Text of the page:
“As we’ll see, as well-intentioned and glamorous as the Religion of Hustle is, it often backfires on people. Because the truth is that most types of work (especially work that will make you some money in 2017) does not produce linear returns, it produces diminishing returns.” – Mark Manson
The cult of hustle is a relatively new phenomenon, and like most new(ish) trends in self-improvement and business, it’s got a good heart.
I scoured the internet to find the best examples of hustle, and here’s what I found:
The World Belongs to Those Who Hustle
How to Hustle Your Way to Your Dream Job in 4 Steps
How To Hustle Your Way To Becoming A Successful Entrepreneur
WANT TO BE SUCCESSFUL? HUSTLE LIKE A G (6 CASE STUDIES TO PROVE IT)
As you can see, the whole idea is that the harder you work, the more you can accomplish. Well…duh. That’s not rocket science. The idea goes back to America’s industrial and Protestant history when colonists and later immigrants worked harder to get ahead. The American dream is all about working hard to make a life for yourself (classically; I don’t know what it’s morphed into now – to have the most Insta-worthy life?).
But the cult of hustle takes this basic, good idea and turns hard work into clout. Hustle becomes a badge of superiority, and it does so in some very unhealthy ways.
The majority of those articles above relate one thing to hustle above all others – pain. Suffering. Sacrifice. If you’re not struggling, rising bleary-eyed at 5am with only four hours of sleep and sweating through whatever your vision is, you’re not doing “it” right, whatever “it” is for you.
Unfortunately, the bad advice is often mixed in so well with the good that we tend to swallow the concoction whole. There is merit in hard work. If you stay in your comfort zone you won’t change and grow. If you don’t make changes things will stay the same. Those are all true. But the idea that daily sacrifice day in and day out will guarantee success is flawed. The problem is, we only hear the success stories. “I hustled my way to success and here’s how” and anyone who followed the advice and didn’t earn six figures in six months knows they just aren’t hustling enough.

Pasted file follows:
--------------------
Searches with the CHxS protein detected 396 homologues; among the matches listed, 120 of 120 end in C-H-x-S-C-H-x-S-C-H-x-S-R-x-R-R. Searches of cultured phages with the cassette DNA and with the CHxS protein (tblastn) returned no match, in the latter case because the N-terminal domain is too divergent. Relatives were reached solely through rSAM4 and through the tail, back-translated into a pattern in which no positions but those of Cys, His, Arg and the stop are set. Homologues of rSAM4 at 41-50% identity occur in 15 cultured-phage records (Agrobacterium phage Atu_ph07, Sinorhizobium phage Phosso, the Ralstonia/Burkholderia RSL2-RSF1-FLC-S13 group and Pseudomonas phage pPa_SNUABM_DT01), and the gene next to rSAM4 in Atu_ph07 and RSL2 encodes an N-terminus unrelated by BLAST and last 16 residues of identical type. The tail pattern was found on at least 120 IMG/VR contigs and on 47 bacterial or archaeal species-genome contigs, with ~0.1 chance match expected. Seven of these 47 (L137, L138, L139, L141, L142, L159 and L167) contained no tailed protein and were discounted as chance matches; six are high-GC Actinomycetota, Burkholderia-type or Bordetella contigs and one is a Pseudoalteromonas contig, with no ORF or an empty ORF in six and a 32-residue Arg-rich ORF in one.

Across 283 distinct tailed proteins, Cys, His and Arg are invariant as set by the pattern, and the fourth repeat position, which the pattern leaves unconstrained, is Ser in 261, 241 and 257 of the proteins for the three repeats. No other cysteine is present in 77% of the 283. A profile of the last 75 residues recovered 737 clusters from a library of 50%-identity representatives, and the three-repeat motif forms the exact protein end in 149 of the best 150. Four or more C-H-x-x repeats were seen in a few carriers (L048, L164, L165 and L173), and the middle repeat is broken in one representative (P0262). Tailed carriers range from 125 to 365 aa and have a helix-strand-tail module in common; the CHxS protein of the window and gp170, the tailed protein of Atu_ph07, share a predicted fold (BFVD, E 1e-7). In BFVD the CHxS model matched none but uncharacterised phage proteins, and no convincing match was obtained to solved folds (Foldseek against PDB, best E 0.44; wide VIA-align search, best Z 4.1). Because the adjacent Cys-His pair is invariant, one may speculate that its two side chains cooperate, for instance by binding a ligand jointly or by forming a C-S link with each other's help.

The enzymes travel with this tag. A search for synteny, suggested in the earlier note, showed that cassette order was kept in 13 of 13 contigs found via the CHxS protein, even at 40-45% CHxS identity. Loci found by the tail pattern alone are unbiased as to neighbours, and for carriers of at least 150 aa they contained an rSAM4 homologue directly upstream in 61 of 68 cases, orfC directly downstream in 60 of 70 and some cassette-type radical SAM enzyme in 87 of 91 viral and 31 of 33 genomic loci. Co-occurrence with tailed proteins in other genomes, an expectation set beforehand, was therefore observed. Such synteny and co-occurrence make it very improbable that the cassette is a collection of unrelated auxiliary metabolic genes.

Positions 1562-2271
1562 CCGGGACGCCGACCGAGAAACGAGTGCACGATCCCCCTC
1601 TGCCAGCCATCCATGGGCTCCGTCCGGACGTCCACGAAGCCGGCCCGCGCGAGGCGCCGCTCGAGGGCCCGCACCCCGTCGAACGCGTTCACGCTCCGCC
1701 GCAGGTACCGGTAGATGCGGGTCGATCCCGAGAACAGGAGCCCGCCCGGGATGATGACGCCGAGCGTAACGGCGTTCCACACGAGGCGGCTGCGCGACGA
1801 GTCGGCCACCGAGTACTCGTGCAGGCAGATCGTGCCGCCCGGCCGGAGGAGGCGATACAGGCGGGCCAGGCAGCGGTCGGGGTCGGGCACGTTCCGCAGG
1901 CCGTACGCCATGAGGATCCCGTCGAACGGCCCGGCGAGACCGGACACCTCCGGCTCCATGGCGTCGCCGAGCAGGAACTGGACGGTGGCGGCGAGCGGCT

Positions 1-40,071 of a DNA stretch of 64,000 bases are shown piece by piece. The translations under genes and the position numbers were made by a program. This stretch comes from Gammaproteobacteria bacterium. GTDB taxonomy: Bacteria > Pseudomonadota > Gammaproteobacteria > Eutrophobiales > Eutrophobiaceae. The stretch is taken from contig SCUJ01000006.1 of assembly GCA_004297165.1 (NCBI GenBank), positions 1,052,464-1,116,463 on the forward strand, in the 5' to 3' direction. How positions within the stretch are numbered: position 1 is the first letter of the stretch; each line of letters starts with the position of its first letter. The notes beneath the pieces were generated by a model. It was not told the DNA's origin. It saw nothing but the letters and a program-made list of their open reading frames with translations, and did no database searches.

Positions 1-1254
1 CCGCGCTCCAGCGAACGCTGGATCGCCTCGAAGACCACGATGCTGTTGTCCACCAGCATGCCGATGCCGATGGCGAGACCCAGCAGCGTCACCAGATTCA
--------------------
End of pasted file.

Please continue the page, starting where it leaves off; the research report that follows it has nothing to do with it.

The most disturbing part to me is how many inane quotes on the internet glorify the lack of sleep as a symbol of passion and drive.
Here are two articles on sleep and productivity, one from the Washington Times and one from Sleep.org. Unfortunately for hustlers, scientific studies have shown that losing sleep makes people less productive, so much so that Kelly McGonigal says they’re often as muddled as someone who is drunk (The Willpower Instinct).
From students in college pulling all-nighters before exams to hustlers working 4am-midnight, lack of sleep is only going to hurt your chances.
So why is the cult of hustle so prevalent? Well, there are a few reasons.
First, hustle = success is a very simple formula. Work hard, earn loads. It’s attractive because while it’s not necessarily easy, it is simple, and it seems to take all the guesswork and question of innate talent out of the picture. Follow these steps and make money. (Sounds like a get rich quick scheme to me, no matter how much pain is involved.)
Second, it’s independent. Most hustle quotes also involved things like “being ahead of the pack,” quips about leading the wolves, and other ideas that standing alone at the front is glorious. Very American. Independence, owning your own business, not being attached, making your own schedule (4am-12am, so awesome!); it all flouts the idea of community and support, and re-asserts the idea that you can do everything on your own, not a great virtue in today’s disconnected and aching world. (The goal of a mature person should not be independence – the highest form of maturity is interdependence, according to Stephen R. Covey, author of Seven Habits of Highly Effective People. See a great article here.)
And third, it’s a status symbol. Being a hustler is a generally applauded notion, again, going back to America’s roots of the virtue of hard work. The Protestants held a very firm notion that hard work, discipline, and frugality led to a good (moral) life (Wikipedia). Too bad we’ve got the hard work and discipline down without the frugality since most of the point of hustle seems to be to be able to own the fanciest cars bought with your hard-earned dollars.
Regardless of its roots, hustle means being able to lord yourself over your lazy colleagues who waste their lives working 9-5 and aren’t also side-hustling, writing books and content, working on starting their own business or in any other way not wearing themselves to the bone. Hustle is a moral thing. Hustle is good. Hustle is virtuous. Rest is becoming sin. Contentment is becoming complacency (read the dictionary on that one).
It’s a dangerous trap to fall into. And it’s very easy now that the cult of hustle has spread so rapidly and so quickly. But it’s just a trend, the age-old hard-work ethic wrapped up in fancy memes and productivity hacks.
It doesn’t guarantee a good life.